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Shadowheart presented an interesting task. Life background was that I was single and not happy about it; and getting bored with my job and losing motivation as a result. There was also the small matter of the Japan World Cup which was a diversion I let become too big for too long. This was the first writing year (February to November 2002 to be exact) when I turned my thoughts seriously to how to extricate myself from the office life.

As in earlier bibliography entries, I’m not looking for sympathy but there’s no doubt that the attritional effects of holding down a busy job and writing 160,000 words while trying to have a life, were making themselves felt. Mainly in the areas of occasional fatigue and an unwillingness to write in the evenings because of the need to relax. It added up to a disjointed approach to writing Shadowheart.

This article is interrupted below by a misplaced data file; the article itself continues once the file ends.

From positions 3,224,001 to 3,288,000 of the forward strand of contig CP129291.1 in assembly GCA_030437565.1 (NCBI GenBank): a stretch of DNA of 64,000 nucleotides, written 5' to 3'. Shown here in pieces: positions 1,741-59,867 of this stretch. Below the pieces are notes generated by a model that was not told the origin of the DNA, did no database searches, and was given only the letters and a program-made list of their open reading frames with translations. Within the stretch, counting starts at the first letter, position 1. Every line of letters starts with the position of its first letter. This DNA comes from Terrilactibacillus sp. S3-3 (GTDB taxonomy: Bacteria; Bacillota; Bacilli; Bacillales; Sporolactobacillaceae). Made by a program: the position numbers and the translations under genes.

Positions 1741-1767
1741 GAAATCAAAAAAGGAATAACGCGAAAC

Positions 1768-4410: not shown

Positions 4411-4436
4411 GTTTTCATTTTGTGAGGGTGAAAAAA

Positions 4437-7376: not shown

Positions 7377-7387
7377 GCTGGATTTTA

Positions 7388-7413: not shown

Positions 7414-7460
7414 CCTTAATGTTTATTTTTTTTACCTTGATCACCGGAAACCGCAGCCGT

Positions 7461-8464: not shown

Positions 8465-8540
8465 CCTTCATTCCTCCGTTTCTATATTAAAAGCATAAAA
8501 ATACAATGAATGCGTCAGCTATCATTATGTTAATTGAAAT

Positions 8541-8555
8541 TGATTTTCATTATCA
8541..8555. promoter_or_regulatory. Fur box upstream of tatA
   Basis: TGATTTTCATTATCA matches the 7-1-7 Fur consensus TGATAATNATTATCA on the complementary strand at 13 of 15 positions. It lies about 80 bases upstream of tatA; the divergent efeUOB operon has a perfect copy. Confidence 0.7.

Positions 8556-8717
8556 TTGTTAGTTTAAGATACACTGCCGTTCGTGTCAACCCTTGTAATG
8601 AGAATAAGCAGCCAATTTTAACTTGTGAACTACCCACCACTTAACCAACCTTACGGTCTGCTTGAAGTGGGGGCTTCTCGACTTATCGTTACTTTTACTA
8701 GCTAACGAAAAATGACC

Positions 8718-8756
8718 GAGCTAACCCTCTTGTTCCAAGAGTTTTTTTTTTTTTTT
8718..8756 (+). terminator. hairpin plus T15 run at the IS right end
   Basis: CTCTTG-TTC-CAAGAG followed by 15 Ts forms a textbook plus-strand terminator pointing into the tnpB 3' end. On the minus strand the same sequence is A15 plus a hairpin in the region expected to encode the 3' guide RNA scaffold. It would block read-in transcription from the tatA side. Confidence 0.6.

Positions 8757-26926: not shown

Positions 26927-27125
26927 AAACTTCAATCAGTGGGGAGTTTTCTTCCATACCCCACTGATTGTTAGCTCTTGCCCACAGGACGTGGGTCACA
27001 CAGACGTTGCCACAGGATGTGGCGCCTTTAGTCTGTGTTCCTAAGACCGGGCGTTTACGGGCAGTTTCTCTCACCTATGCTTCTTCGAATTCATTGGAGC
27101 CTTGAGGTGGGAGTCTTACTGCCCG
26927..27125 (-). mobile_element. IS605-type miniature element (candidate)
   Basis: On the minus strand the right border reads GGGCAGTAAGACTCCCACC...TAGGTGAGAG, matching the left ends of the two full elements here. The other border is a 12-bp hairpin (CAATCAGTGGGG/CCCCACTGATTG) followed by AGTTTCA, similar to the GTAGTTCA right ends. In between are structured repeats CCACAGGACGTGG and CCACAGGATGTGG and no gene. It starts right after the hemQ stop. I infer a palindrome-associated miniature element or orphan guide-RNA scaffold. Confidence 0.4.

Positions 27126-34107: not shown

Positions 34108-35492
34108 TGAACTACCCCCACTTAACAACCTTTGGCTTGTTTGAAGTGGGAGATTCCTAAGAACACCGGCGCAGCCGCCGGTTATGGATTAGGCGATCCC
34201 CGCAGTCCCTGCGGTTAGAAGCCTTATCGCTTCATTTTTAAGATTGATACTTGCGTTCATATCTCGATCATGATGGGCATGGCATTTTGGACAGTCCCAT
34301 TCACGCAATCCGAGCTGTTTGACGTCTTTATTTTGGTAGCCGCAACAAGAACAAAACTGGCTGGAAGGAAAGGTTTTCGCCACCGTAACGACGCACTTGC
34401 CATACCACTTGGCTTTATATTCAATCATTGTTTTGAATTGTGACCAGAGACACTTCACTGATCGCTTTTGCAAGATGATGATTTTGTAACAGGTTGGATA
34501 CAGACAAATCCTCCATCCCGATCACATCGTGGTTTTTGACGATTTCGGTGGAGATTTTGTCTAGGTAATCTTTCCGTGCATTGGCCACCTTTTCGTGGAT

Fortunately, I was aware of the potential issues this raised and instead spent those times when I couldn’t face the PC noting new scenes, and planning further ahead than usual in the cause of ensuring continuity. It worked and actually, writing Shadowheart was a joy. I loved the pace and the action of the book and found my characters, already very familiar, helping me out; providing answers, developing tensions and doing those things that come so naturally to them…

Where the system fell down was in the editorial detail. My editor, Simon Spanton, must have been tearing his hair out with the small typos and sometimes clumsy sentencing that came as a result of not having the time before deadline to read and clean as thoroughly as I wanted to (not at the end of the process, nor throughout the year). Still, I think he forgave me and I was, and remain, delighted with the result.

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